“Actually, we had more kids on third shift than we did anything when we first started out. I served more children at night than I did during the day,” Hart said.

But because she had trouble hiring staff for late at night, and had to work the shift herself in addition to other duties, she temporarily discontinued it.

Now Molly's Daycare has open slots to take in children any shift, including third.

Childcare Advocates Say Daycare Centers Need Support To Be Affordable and Sustainable

So why do employers say the need for daycare is great, but childcare centers still have open slots?

Kimberly Hickerson of the Down East Partnership for Children says, “It's the cost.”

Hickerson works as a childcare advocate, helping parents navigate their options. Childcare can easily cost as much as college tuition, and parents seeking daycare to get a new job need enough savings to pay for the first month of care.

Despite the high cost for families, daycare centers are just scraping by. Many are struggling to hire teachers because the pay is low. Less than half of centers offer benefits like health insurance.

Hickerson, citing a report by the Childcare Services Association for Edgecombe County, says 38% "of the teaching staff are on public assistance.”

The good news is that North Carolina is receiving $1.3 billion in federal relief for childcare. Childcare advocates across North Carolina are hoping the state will invest COVID relief funds strategically to support daycare providers well beyond this year.

“It's the cost.”
Kimberly Hickerson

Lawmakers must decide how to spend those funds, and advocates are calling on them to raise the rate that childcare centers receive for every child from a low-income household whose care is subsidized by the state.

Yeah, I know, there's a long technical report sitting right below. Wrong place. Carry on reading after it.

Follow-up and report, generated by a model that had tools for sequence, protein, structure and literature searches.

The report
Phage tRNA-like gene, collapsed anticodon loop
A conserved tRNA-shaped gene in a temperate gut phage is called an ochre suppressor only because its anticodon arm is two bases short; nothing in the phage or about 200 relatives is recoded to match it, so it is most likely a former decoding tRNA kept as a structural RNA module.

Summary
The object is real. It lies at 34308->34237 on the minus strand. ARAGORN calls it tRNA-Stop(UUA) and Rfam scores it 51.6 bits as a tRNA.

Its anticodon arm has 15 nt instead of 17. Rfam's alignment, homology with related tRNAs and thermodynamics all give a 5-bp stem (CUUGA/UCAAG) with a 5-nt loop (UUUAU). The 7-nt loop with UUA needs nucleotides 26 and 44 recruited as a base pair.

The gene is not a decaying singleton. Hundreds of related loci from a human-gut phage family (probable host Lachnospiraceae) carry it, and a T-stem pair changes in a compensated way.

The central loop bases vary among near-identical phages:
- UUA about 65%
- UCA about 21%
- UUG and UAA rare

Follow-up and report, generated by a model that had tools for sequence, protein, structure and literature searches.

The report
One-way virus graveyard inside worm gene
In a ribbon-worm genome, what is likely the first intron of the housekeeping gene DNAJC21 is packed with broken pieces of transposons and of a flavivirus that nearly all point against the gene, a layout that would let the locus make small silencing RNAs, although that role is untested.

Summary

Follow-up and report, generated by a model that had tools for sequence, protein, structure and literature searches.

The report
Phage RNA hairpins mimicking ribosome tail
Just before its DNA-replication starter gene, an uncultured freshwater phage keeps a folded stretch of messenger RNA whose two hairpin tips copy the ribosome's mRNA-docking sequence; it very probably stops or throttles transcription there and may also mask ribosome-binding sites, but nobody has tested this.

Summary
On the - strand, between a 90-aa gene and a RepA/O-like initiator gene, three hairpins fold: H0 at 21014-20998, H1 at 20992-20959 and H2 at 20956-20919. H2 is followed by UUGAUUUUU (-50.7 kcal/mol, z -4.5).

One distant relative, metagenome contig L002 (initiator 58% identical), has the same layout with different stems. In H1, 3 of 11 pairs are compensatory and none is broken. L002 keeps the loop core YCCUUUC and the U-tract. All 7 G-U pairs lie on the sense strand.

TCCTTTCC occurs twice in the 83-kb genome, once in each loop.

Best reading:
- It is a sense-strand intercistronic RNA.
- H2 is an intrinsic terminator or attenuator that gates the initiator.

Currently, neither the House nor the Senate’s budget plans use the funding to raise subsidy rates, which are based on a 2015 market study and haven’t been updated since. According to the advocacy group NC Child, the rates no longer cover the full cost of care, so childcare centers can actually lose profit by accepting clients with state subsidies.

“All of this is to provide good quality childcare for children and in order to do that, you have to have funding to support the changes that need to be made,” Hickerson said.

Hickerson points to the need to pay childcare teachers more to keep centers fully staffed.

Evie Hart pays her employees about $8 an hour and all have associate’s degrees plus other specialized training. She is unable to offer benefits at this time, although she did offer them years ago when rates went further toward covering her expenses.

David Farris says he is also talking to employers about pitching in more to offer childcare benefits for employees, and with the current climate, employers are becoming more receptive to the idea.

“We're putting it on the table,” Farris said. “And we're not getting what you might have gotten two or three or four years (ago), you know, ‘No, that's not my problem.’”